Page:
Calina Lawrence sings a beautiful uplifting song. I remember meeting her as a young girl, when I helped teach the Suquamish Pond Kids how to weave with cedar. Bruce Miller invited this group of Pond Kids to be in his film: TEACHINGS OF THE TREE PEOPLE. Calina Lawrence Sings
Cultural art film featuring Suquamish Elder Ed Carriere making a Salish Clam Basket, 2011, Produced by Katie Jennings of New Canoe Media.This link tells about the film - Clam Basket – A Story By Ed Carriere Film - Clam Basket A Story by Ed Carriere
Another short film by Katie Jennings, from the Cultural Film series at IslandWood. Made in 2010, this five minute film shows how Suquamish Elder, Ed Carriere, makes a folded bark pouch. https://youtu.be/oSjCIsZVSp0
The American Museum of Natural History short film on Ed Carriere and Conservation of NW Coast Baskets: https://www.amnh.org/explore/videos/exhibits/northwest-coast-basketry-woven-traditions
100 years ago the Suquamish Baseball Team traveled to Japan - Seattle Mariners Honor the Suquamish Tribe https://www.facebook.com/suquamishtribe/videos/189312309823357
This is an hour long lecture about their work together reconstructing ancient Salish Sea Basketry by Suquamish Artist, Ed Carriere, and Archaeologist, Dale Croes, for the Sealaska Institute. https://images.app.goo.gl/z4eEEzuRjqy3yxP76
This is an informative Smithsonian NMAI, 2015 video, about broken treaties and removal policies in the US. https://youtu.be/if-BOZgWZPE
Delores Churchill tells about harvesting and preparing Reed Canary Grass for decoration in basketry. https://youtu.be/cm1kmbZZLNM
Short clip on dividing cedar bark into layers for weaving. Film by New Canoe Media. https://vimeo.com/newcanoemedia/melindaquicktip
Short clip on the transformative nature of creating. Film by New Canoe Media. https://vimeo.com/newcanoemedia/barnmelindawest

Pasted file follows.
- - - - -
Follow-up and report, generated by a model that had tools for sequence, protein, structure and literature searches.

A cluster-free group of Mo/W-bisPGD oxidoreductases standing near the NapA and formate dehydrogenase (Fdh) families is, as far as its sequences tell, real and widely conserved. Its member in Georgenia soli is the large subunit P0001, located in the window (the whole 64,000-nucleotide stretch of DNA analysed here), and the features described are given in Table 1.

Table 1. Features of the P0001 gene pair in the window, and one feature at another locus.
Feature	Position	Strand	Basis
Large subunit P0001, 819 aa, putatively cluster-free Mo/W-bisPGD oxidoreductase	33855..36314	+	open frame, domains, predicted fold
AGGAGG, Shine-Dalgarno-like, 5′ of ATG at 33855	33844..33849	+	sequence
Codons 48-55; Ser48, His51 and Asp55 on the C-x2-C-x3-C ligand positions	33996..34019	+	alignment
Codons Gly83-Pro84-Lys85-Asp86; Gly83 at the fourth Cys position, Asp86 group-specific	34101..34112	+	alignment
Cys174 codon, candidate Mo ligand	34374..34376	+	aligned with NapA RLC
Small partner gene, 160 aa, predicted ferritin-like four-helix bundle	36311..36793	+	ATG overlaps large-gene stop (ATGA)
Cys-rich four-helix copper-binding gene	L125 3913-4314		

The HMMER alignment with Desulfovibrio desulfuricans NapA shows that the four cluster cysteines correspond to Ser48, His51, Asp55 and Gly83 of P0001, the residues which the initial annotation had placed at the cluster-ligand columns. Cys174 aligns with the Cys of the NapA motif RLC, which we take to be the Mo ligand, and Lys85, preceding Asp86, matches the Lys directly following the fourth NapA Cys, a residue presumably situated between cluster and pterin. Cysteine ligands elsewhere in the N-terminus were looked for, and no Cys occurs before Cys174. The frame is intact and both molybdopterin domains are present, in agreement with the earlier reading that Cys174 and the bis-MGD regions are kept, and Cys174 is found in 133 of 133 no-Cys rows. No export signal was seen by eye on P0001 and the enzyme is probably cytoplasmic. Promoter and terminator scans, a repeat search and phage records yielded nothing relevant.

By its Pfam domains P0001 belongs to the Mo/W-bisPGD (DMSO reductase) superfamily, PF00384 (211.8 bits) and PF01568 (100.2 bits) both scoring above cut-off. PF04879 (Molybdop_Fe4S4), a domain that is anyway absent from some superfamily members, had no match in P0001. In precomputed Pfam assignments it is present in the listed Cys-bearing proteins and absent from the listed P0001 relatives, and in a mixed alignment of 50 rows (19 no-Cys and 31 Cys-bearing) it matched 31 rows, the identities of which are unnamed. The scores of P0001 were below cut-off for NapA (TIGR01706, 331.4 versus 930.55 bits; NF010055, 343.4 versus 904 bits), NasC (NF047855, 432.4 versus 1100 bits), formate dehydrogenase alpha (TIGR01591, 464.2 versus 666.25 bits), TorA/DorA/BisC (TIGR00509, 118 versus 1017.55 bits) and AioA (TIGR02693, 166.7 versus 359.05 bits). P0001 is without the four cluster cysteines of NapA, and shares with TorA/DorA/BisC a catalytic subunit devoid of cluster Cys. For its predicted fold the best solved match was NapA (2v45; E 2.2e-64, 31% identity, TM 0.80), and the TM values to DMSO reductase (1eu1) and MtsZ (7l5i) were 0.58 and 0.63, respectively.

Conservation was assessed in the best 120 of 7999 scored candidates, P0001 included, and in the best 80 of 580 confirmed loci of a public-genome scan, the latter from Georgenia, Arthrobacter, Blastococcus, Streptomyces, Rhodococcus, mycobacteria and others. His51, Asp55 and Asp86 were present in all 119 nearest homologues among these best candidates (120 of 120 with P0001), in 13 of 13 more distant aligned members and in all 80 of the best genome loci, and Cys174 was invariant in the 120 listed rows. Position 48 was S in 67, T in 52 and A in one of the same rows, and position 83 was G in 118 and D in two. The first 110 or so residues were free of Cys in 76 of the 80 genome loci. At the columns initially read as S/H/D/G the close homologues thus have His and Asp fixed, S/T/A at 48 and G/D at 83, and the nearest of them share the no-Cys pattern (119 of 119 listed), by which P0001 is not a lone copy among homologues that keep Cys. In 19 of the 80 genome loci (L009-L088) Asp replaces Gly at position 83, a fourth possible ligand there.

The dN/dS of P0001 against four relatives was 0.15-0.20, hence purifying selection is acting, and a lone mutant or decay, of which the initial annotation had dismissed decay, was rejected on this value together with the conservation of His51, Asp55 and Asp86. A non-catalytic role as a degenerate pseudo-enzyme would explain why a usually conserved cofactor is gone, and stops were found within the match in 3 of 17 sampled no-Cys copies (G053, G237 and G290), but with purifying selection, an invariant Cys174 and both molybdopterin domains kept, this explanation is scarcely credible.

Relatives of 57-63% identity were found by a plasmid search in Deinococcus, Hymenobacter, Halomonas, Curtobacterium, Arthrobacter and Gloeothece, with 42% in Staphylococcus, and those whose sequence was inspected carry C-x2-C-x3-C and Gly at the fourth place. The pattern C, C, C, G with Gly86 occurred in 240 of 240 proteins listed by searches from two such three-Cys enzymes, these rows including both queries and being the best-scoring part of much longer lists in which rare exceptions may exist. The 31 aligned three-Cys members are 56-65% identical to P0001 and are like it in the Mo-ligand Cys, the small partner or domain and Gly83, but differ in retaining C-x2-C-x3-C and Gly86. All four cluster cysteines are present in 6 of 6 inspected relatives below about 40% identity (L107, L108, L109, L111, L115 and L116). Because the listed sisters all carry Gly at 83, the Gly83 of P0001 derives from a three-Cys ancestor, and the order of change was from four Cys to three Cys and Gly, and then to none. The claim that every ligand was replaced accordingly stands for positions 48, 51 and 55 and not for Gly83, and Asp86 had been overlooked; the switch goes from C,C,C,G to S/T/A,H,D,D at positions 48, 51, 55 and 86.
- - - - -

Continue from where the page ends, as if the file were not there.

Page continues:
The story of the struggle of NW Tribes to have the US government honor their treaty fishing rights: https://salmondefense.org/projects/educate/back-to-the-river/
A wonderful film by Robin Ferand which shares the wonderful story and work of Canadian Plant Fiber Artist and Teacher, Joan Carrigan. https://vimeo.com/862225245
An important curriculum for growing our connection to the place, plants and traditional knowledge of Indigenous Peoples: https://vimeo.com/463077952
The Art of Time, Documenting History Through Native Art (a zoom presentation): https://youtu.be/Gi5LxdEgtI0?si=c1q_YdE3msxw3nvB
Blog about Sacred Lands and Indigenous Peoples’ around the world asserting rights to protect their traditional lands, sovereignty, culture, and religion. If you search, there are many excellent films available for streaming from this site. This page represents the place both my paternal grandparents came from in North Norway in the early 1900’s. There was never any mention of being Sami in my family. Only mention of poverty and lack of opportunity. But this May 2022 article published in Norway Today seems to fill in some of the gaps. https://norwaytoday.info/culture/the-sami-a-people-often-forced-to-live-between-two-worlds/
And another less recent article gives some general information on the Sami People. https://sacredland.org/lands-of-the-sami-finland-norway-russia-sweden/
A nice blog that tells about the experience of weaving with plants at IslandWood through the perspective of the students. https://handstories.typepad.com/blog/2016/03/weaving-connections.html
The Irritable Metis - Email newsletter from Chris La Tray, enrolled member of the Little Shell Tribe of Chippewa Indians, author of the forthcoming "Becoming Little Shell" from Milkweed Editions and "One-Sentence Journal: Short Poems and Essays from the World at Large."https://chrislatray.substack.com/
Schoenoplectus pungens palla, or NW sweetgrass is one of my favorite materials.